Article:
Definition of miscue

A stroke in which the cue's tip glances or slips off the cue ball not effectively transferring the intended force. Usually the result is a bungled shot. Common causes include a lack of chalk on the cue tip, a poorly groomed cue tip and not stroking straight through the cue ball, e.g. because of steering.

24 Random Essential Billiards Terms

This is a shot that attempts to move a number of balls onto your side of the table in a kind of herding attempt.
This is a low bet in a game with action.
This is a type of shot where the cue ball goes off the rail before it heads to contact the object ball, thus giving the cue better position in some shots.
A barrel is how much money per game a player is betting. As in, "I have ten barrels at $20 a game".
A Baulk line is line drawn across the table 29 inches from the bottom cushion and parallel to that cushion.
0-2 Barbecue is a slang billiard term that refers to a single player loosing the first 2 matches in a double elimination tournament. This double loss results in that player being knocked out of the tournament without winning even one game.
This is a shot in snooker where the cue ball follows a struck object into the pocket.
Also known as a "power draw", means applying very powerful draw on the cue ball thereby causing the maximum amount of draw.
This is a kind of cue made of four pieces of wood, the butt sleeve, the points, the handle, and the forearm, with each piece pinned, doweled, and glued together.
To reach a certain position in a tournament. "I placed 17th." "She will probably place in the money this time."
This is your pocket for sinking balls in a one pocket game.
This is a player that will regularly loose money to a particular player that is obviously a better player.
The full fifteen ball set of pool or snooker object balls after being racked, before the break shot (i.e., same as rack, definition 2, and triangle, defn. 2). Chiefly British today, but also an American usage ca. World War I.
Name for the ball that when pocketed, wins the game, or any ball that when made results in a payday such as a way in the game of Chicago.
The placement of player(s) automatically in a tournament where some have to qualify, or automatic placement in later rounds.
This is a handicapping method where one player gets the break, and is allowed to choose any ball afterwards to put in their pocket.
This refers to a shot that is not banked, does not hit a rail and goes into the pocket without contacting any other balls on the table.
Two or more object balls that are touching or are close together.
Same as centre pocket.
A short, jabbed draw stroke usually employed so as to not commit a foul (i.e. due to following through to a double hit) when the cue ball is very near to the target object ball.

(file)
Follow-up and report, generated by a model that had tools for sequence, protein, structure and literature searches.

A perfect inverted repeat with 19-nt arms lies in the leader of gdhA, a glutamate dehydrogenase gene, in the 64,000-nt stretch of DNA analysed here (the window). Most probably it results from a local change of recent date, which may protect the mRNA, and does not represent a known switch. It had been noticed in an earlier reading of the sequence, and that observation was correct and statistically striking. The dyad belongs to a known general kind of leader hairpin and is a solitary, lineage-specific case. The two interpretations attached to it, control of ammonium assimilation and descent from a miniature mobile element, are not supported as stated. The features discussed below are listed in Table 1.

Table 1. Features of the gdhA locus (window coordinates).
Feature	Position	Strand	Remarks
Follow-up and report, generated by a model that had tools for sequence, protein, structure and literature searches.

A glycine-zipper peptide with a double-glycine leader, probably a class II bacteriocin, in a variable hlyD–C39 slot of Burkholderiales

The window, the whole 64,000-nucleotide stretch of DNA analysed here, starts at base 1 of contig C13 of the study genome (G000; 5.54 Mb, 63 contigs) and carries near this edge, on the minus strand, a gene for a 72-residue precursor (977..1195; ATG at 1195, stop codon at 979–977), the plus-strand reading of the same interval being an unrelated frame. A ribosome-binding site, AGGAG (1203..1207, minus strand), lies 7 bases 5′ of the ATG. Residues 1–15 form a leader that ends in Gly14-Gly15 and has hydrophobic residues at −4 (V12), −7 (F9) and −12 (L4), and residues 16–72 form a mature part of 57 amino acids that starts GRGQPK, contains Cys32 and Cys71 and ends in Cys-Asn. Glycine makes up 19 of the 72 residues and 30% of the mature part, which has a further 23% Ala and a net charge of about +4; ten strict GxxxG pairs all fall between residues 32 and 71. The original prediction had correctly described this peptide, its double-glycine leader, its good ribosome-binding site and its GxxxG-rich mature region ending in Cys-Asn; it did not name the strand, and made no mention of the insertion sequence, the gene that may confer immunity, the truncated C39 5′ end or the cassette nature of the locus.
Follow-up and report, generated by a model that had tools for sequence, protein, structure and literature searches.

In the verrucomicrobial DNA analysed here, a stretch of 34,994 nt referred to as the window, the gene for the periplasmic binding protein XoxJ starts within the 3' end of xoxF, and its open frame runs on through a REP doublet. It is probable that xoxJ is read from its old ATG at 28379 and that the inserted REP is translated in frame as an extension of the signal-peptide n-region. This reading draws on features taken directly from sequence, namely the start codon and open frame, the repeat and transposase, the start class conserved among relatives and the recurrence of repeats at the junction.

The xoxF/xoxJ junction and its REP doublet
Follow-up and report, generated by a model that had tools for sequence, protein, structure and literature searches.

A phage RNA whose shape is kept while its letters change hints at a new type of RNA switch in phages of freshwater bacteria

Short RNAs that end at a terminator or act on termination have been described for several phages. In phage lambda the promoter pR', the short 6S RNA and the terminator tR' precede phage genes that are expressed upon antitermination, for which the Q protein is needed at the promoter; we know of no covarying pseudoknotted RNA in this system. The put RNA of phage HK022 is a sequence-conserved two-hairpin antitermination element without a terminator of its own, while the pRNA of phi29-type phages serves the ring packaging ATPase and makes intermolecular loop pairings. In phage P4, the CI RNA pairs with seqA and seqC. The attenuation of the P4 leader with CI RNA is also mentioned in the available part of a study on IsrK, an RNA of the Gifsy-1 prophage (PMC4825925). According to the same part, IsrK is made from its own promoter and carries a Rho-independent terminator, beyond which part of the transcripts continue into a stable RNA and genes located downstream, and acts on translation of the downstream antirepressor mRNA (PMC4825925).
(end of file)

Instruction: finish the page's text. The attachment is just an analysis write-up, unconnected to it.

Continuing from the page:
In snooker, any of the three colour balls that get spotted on the baulk line: the yellow, green or brown ball.
Also winner. A shot in which the cue ball is used to pot another ball. In snooker and most pool games doing this is known as potting, pocketing or sinking the targeted ball. The term derives from this hazard winning the player points, while losing hazards cost the player points, in early forms of billiards. Whether the ball is an object ball or an opponent's cue ball depends upon the type of game (some have two cue balls). The move will score points in most (but not all) games in which hazards (as such) apply, such as English billiards (in which a "red winner" is the potting of the red ball and a "white winner" the potting of the opponent's cue ball, each worth a different amount of points).
An organization that promotes competitive, usually team, amateur cue sports, most commonly pool, especially eight-ball and nine-ball, although there are also well-established snooker leagues. Some leagues, many of which are decades old, are entirely local and either informal or incorporated, and may use their own local rules or may have adopted more widely published rulesets, such as those of the WPA. Other leagues are organized on a multi-regional or even international level, and may be non-profit or for-profit enterprises, usually with their own fine-tuned rule books. Despite differences, the largest leagues are increasingly converging toward the WPA rules, with the exception of the APA/CPA, which retains rules much closer to US-style bar pool. At least four major pool leagues hold international championships in Las Vegas, Nevada annually (APA/CPA, BCAPL, VNEA and ACS/CCS). Some leagues also offer one-on-one tournaments, scotch doubles events, artistic pool competition, and other non-team activities.
A tactic employed in UK eight-ball pool in which a player calls and pots one of the balls in a favorably lying set, then plays safe, leaving as many of his/her well-placed balls on the table as possible, until the opponents commits a foul or leaves a chance that the player feels warrants an attempt at running out.